Voluntary benefits in the workplace offer several advantages. These benefits are optional, meaning employees can choose to enroll in them and pay for them themselves, although employers may still facilitate access to these benefits through group rates or other arrangements. Here’s a few ways offering voluntary benefits in the workplace can be mutually beneficial for both employees and employers:
Customization: Employees can select the voluntary benefits that best suit their personal and family circumstances. This can include options like ancillary coverage (e.g., dental, vision, disability), and retirement savings plans, among others.
Cost Control: Offering voluntary benefits allows employers to provide a broader range of benefits without incurring the full cost. Since employees pay for these benefits, it can help you manage your benefit expenses while still enhancing your overarching benefits package.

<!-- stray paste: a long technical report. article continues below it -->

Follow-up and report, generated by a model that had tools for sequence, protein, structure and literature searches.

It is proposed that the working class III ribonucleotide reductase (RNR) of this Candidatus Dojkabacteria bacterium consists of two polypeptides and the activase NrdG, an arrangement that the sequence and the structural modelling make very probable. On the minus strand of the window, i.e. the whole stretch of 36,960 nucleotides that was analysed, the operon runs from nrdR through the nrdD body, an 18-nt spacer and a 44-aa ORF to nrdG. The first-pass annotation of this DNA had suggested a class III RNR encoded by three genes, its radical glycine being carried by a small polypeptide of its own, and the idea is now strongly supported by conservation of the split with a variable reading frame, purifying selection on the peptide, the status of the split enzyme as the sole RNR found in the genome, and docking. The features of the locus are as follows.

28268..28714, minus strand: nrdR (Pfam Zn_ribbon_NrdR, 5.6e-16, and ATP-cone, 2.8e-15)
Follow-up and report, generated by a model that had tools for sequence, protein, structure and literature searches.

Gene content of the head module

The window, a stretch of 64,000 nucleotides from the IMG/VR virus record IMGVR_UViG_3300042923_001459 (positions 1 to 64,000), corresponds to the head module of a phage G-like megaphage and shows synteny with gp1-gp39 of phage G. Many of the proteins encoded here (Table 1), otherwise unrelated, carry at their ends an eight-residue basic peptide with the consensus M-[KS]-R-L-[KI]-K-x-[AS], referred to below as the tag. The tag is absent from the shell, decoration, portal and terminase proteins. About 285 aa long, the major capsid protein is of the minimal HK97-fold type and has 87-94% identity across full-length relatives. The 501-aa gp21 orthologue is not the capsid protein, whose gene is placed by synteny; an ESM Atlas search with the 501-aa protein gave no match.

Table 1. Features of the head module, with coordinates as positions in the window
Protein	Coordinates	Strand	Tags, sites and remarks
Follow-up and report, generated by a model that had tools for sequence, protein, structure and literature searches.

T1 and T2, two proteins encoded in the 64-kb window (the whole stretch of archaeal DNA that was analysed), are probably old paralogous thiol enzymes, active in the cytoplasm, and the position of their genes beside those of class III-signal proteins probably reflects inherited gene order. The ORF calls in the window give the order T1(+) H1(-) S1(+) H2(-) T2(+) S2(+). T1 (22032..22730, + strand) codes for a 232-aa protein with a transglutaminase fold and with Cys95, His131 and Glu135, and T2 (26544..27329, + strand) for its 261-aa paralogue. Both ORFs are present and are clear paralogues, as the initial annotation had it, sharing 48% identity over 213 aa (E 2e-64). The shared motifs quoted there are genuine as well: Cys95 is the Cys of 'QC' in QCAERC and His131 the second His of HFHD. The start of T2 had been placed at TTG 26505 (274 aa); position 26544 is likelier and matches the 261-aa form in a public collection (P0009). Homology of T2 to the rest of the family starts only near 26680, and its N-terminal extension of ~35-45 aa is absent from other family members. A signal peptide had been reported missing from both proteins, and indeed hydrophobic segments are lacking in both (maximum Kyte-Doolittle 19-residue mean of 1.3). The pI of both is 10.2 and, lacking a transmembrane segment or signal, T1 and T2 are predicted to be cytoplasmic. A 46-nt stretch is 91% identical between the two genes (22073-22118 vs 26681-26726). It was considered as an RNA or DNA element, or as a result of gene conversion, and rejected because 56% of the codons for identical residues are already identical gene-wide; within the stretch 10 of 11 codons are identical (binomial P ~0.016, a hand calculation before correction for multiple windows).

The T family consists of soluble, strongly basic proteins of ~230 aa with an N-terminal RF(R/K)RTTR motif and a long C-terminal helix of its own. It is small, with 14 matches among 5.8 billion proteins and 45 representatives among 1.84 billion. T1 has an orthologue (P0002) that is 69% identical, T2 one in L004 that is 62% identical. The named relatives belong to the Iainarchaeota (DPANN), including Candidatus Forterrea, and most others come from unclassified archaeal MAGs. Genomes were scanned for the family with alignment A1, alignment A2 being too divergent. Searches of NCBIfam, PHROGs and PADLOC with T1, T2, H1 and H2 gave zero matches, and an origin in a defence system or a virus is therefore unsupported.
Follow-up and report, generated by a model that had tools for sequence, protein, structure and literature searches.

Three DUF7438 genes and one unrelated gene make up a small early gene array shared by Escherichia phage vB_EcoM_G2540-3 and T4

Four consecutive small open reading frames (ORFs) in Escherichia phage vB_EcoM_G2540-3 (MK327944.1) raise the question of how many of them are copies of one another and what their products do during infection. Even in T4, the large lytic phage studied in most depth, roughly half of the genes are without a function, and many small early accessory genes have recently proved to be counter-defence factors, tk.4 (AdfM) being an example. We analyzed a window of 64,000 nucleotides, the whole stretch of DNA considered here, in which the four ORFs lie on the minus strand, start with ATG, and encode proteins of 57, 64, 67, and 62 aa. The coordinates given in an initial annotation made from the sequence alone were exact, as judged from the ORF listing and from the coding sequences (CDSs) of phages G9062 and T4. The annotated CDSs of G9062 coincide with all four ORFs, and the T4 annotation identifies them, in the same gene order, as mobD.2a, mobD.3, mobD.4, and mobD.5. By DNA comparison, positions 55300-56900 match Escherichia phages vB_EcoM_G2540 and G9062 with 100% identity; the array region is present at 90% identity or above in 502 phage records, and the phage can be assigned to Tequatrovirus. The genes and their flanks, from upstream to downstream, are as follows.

Recruitment and Retention: Competitive voluntary benefits can make a company more attractive to potential hires and can also be a factor in retaining existing employees. Employees often view a robust benefits package, including voluntary benefits, as an essential part of their compensation package.
Tax Efficiency: Some voluntary benefits, such as certain retirement savings plans (e.g., 401(k)s or 403(b)s), can offer tax advantages for employees, allowing them to save for the future with pre-tax contributions.
Productivity and Well-being: By offering benefits that address employees’ financial, physical, and mental well-being, companies can potentially improve employee productivity due to health-related issues or financial stress.